Scale Bars of Stacked Barplot to a Sum of 100 Percent in R (2 Examples)
On this page you’ll learn how to convert all bars of a barplot to 100% in R.
The article will consist of these topics:
Let’s dive right in.
Example Data & Basic Plot
We’ll use the following data as basement for this R tutorial:
set.seed(2657984) # Create data frame data <- matrix(round(rnorm(15, 100, 50), 0), ncol = 3) colnames(data) <- c("Gr1", "Gr2", "Gr3") rownames(data) <- LETTERS[1:5] data # Print data frame
Have a look at the table that got returned by the previous R syntax. It shows that our example data is made up of five data points and three columns.
Example 1: Draw Stacked Barchart Scaled to 1.00 Using Base R
In Example 1, I’ll illustrate how to create a stacked barplot where each bar is scaled to a sum of 1.00 using the basic installation of the R programming language.
First, let’s create a default bargraph where we don’t modify the sum of each bar:
barplot(data) # Create regular barplot
Figure 1 shows the output of the previous R syntax: A Base R barchart with uneven bars.
If we now want to create a barplot where each bar is scaled to 1.00, we can use the prop.table function as shown below:
barplot(prop.table(data, 2)) # Create barplot scaled to 100%
Figure 2 illustrates the output of the previous R syntax – As you can see, all stacked bars were aligned to 1.00. In other words: We are showing the proportions for each category.
Example 2: Draw Stacked Barchart Scaled to 1.00 & 100% Using ggplot2 Package
In Example 2, I’ll show how to use the ggplot2 package to create a stacked barchart where each bar is scaled to a sum of 1.
For this, we first have to reshape our data frame from wide to long format using the reshape2 package.
We first have to install and load the reshape2 package, if we want to use the functions that are contained in the add-on package:
install.packages("reshape2") # Install & load reshape2 package library("reshape2")
Now, we can apply the melt function to transform our data to long format:
data_long <- as.data.frame(data) # Reshape data from wide to long data_long$subgroup <- rownames(data_long) data_long <- melt(data_long, id.vars = "subgroup") data_long # Printing long data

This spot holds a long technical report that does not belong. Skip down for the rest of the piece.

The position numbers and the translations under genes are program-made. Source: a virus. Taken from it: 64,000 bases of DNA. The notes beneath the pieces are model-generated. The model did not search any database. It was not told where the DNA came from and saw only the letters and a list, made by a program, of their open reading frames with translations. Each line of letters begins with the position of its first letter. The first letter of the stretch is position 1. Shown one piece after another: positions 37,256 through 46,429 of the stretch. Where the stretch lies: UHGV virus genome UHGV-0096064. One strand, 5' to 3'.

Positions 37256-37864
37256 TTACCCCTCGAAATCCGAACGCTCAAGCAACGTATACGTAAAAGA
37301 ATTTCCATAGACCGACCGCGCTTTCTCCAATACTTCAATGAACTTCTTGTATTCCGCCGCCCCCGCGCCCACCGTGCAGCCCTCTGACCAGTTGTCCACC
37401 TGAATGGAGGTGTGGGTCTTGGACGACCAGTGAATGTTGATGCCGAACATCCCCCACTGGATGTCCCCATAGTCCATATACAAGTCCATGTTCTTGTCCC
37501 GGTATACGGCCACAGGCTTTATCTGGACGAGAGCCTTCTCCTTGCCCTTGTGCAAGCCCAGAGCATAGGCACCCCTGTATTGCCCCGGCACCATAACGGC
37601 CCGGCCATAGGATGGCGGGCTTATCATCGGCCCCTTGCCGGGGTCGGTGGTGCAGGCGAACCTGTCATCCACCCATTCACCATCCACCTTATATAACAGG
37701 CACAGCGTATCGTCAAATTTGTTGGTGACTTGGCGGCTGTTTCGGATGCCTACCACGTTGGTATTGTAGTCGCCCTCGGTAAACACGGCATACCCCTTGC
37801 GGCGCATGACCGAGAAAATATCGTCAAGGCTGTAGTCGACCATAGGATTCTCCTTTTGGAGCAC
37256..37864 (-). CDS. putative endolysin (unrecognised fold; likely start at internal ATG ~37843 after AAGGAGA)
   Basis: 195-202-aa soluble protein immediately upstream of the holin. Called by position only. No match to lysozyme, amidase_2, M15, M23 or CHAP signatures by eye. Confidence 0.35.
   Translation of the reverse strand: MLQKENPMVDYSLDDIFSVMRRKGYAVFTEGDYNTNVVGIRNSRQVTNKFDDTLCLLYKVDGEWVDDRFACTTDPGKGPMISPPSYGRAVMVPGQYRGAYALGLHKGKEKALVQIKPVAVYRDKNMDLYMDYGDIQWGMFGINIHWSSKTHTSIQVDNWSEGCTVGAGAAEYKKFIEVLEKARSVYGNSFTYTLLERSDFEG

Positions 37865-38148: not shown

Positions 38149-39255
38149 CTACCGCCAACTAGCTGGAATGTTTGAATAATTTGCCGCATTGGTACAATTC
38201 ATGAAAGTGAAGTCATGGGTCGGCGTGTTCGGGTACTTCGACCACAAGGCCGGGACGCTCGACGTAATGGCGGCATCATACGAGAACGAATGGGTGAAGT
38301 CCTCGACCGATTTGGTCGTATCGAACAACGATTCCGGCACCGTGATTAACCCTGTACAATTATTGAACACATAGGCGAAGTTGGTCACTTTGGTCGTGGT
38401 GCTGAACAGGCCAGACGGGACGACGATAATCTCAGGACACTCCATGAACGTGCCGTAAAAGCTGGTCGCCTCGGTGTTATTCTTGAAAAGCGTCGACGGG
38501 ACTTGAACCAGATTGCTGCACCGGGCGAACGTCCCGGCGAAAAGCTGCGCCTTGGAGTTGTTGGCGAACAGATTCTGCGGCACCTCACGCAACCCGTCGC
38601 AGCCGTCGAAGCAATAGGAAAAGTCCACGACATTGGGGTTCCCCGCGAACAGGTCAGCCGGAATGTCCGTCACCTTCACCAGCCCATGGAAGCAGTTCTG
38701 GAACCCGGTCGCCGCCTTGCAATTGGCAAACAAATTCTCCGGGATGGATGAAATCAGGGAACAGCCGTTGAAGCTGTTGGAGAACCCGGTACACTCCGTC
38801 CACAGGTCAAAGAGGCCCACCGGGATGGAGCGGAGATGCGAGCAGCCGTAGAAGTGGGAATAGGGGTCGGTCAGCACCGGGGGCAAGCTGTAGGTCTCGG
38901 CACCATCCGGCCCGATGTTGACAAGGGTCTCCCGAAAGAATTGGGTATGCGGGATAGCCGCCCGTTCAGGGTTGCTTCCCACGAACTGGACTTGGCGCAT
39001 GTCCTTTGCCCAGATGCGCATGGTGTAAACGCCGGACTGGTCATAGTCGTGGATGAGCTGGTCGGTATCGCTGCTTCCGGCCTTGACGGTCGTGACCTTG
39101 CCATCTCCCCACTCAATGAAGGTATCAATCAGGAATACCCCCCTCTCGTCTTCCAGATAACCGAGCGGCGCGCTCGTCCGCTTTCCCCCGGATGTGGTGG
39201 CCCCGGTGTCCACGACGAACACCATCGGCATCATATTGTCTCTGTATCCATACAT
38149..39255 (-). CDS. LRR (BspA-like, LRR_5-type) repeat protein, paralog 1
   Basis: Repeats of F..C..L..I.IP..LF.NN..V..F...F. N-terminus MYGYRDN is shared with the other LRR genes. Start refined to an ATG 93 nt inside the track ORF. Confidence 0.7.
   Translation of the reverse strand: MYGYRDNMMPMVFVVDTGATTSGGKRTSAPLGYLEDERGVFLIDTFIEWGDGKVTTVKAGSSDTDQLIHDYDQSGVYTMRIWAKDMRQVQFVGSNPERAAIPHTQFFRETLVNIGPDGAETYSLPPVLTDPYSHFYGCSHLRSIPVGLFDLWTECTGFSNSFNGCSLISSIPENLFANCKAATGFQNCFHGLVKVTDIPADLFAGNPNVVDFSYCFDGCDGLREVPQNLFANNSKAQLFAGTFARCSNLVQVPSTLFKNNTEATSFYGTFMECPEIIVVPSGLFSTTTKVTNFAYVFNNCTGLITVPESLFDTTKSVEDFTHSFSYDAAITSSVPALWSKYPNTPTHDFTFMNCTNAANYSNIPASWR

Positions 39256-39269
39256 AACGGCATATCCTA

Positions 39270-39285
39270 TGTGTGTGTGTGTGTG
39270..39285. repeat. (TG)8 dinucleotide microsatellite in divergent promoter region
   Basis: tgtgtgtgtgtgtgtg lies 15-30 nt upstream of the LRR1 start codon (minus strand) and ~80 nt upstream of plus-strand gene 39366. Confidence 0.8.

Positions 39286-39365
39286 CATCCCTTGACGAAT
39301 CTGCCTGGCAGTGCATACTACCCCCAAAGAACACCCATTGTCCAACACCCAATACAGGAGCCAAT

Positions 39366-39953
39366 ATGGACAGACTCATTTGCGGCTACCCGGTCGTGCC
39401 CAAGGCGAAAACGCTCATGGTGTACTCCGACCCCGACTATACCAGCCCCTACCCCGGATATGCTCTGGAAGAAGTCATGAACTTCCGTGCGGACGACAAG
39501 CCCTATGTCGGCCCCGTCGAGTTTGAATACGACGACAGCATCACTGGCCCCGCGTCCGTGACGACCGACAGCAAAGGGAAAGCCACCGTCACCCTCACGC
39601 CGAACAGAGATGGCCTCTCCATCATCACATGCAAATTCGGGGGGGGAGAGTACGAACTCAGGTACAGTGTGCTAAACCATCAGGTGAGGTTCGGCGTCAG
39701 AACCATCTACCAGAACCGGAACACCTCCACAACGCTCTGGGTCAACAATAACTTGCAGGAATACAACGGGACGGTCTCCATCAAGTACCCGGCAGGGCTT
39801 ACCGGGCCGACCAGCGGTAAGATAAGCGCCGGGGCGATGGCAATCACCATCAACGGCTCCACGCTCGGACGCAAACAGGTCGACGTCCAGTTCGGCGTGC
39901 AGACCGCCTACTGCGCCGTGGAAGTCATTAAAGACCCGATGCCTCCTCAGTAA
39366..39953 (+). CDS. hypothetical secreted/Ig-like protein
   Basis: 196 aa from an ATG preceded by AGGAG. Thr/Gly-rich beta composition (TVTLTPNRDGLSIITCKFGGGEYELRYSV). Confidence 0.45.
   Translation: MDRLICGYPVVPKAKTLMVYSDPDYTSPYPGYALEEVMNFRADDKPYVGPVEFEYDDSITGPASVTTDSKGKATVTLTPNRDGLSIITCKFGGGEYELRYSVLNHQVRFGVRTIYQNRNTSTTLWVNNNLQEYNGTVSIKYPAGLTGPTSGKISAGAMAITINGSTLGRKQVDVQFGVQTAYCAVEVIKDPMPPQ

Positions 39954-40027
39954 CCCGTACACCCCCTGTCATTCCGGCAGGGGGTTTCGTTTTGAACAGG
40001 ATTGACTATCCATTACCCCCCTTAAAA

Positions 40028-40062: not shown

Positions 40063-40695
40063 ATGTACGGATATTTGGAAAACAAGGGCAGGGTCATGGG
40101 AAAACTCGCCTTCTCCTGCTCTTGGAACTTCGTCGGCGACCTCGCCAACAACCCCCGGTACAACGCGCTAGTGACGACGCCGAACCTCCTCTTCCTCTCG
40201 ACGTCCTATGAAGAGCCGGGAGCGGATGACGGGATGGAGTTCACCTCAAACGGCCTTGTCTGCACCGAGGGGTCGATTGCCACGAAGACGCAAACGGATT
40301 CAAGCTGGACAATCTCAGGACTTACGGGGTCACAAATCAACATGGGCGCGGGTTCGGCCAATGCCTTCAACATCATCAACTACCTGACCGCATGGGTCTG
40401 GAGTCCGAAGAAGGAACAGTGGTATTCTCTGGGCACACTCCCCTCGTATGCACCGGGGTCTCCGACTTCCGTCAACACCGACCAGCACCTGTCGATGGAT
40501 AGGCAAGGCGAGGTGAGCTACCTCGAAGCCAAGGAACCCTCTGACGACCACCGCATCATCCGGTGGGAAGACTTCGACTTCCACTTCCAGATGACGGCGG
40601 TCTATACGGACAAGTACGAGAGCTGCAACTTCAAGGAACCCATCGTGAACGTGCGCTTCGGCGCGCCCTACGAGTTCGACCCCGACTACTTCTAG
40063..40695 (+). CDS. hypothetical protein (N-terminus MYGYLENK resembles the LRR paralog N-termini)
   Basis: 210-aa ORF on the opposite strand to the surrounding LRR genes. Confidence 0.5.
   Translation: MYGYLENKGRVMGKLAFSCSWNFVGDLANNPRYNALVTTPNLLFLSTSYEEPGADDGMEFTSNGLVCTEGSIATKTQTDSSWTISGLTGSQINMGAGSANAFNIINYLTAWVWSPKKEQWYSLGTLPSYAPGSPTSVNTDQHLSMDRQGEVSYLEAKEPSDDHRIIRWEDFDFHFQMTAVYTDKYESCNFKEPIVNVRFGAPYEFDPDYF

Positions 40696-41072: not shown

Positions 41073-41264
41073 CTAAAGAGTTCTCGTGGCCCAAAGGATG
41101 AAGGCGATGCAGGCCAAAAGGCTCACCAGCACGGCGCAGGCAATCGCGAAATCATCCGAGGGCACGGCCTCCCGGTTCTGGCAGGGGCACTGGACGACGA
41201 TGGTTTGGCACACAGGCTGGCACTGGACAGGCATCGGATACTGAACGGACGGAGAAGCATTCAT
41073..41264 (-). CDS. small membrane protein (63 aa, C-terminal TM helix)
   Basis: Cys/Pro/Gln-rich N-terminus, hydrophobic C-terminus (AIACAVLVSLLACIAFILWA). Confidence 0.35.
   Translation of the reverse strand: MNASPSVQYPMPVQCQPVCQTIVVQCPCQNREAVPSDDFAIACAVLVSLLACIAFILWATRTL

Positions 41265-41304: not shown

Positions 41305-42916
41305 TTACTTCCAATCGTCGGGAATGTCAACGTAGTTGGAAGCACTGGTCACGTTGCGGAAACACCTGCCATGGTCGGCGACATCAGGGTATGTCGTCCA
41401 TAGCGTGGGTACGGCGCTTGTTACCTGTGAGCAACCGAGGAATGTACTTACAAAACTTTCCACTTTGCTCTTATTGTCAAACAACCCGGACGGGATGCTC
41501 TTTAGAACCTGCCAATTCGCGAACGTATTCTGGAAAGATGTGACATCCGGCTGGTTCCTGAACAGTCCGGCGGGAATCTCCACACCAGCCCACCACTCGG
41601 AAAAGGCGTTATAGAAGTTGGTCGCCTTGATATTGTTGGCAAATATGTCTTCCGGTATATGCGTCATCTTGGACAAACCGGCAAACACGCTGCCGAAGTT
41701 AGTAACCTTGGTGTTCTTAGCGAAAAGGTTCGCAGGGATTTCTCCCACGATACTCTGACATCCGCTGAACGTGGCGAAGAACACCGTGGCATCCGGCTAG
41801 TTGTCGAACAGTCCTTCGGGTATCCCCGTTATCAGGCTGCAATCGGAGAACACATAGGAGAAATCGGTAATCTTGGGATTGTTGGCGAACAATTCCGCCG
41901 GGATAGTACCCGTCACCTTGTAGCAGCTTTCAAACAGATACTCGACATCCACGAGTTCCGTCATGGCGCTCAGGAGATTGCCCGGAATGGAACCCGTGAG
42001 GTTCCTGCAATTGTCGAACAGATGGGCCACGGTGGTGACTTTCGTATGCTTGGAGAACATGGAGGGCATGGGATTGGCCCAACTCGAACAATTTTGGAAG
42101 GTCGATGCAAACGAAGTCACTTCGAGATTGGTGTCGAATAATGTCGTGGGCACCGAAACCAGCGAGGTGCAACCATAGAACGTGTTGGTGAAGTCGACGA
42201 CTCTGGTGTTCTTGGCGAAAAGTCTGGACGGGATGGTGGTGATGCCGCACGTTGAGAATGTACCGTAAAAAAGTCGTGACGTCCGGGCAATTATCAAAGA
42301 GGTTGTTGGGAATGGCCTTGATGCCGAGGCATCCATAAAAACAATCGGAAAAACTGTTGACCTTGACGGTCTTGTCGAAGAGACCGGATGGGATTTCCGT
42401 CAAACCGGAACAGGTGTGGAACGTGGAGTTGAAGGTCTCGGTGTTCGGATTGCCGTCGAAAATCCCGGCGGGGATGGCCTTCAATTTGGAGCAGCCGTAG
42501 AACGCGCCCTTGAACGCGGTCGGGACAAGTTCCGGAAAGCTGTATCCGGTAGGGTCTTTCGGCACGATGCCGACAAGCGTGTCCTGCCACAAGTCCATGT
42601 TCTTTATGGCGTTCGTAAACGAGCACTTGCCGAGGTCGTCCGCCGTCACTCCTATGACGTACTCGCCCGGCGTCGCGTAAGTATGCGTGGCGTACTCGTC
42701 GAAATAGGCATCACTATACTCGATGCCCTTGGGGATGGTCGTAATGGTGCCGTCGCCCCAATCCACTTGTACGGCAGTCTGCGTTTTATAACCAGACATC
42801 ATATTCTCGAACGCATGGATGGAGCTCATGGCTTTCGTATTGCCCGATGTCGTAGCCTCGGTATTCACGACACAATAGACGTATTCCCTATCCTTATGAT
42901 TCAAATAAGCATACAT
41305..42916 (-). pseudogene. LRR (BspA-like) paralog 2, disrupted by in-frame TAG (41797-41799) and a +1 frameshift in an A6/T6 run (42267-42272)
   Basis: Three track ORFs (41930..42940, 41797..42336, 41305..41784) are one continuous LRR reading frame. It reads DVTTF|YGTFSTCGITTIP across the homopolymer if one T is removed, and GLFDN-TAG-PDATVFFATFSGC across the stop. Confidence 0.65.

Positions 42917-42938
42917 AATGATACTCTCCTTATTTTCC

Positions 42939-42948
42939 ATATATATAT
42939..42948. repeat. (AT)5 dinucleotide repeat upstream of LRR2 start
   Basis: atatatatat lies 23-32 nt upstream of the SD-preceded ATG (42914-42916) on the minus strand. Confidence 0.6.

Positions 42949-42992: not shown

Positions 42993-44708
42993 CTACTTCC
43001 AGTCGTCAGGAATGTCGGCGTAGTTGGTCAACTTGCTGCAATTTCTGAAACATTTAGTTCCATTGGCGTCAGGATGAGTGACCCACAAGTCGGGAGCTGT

Table 2 shows the structure of our reshaped data frame.
As next step, we have to install and load the ggplot2 package:
install.packages("ggplot2") # Install ggplot2 package library("ggplot2") # Load ggplot2 package
Now, we can use the ggplot and geom_bar functions to create a barchart where each stacked bar is summed up to 1.00. Note that we are setting the position argument within the geom_bar function to be equal to “fill”:
ggp <- ggplot(data_long, # Create ggplot2 plot scaled to 1.00 aes(x = variable, y = value, fill = subgroup)) + geom_bar(position = "fill", stat = "identity") ggp # Draw ggplot2 plot scaled to 1.00
As shown in Figure 3, we have created a stacked barplot where all stacked bars sum up to 1.00 with the previous R programming code.
We can also modify the y-axis of our barchart to be displayed in percentages:
ggp + # Draw ggplot2 plot scaled to 100% scale_y_continuous(labels = scales::percent_format())
As shown in Figure 4, the previous R programming syntax created a stacked barchart with percentages on the y-axis.
Video, Further Resources & Summary
Have a look at the following video of my YouTube channel. I’m showing the R codes of this article in the video.
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In addition, you might want to read the related tutorials of this website. Please find some tutorials about graphics in R here:
- Draw Stacked Barplot in R
- Plot Frequencies on Top of Stacked Bar Chart with ggplot2
- How to Create Barchart & Bargraph in R
- Plots in R
- Introduction to R Programming
In this article, I explained how to create a stacked barchart where each bar is scaled to 100 percent over all factor levels and labels in R. Let me know in the comments section below, in case you have additional questions.
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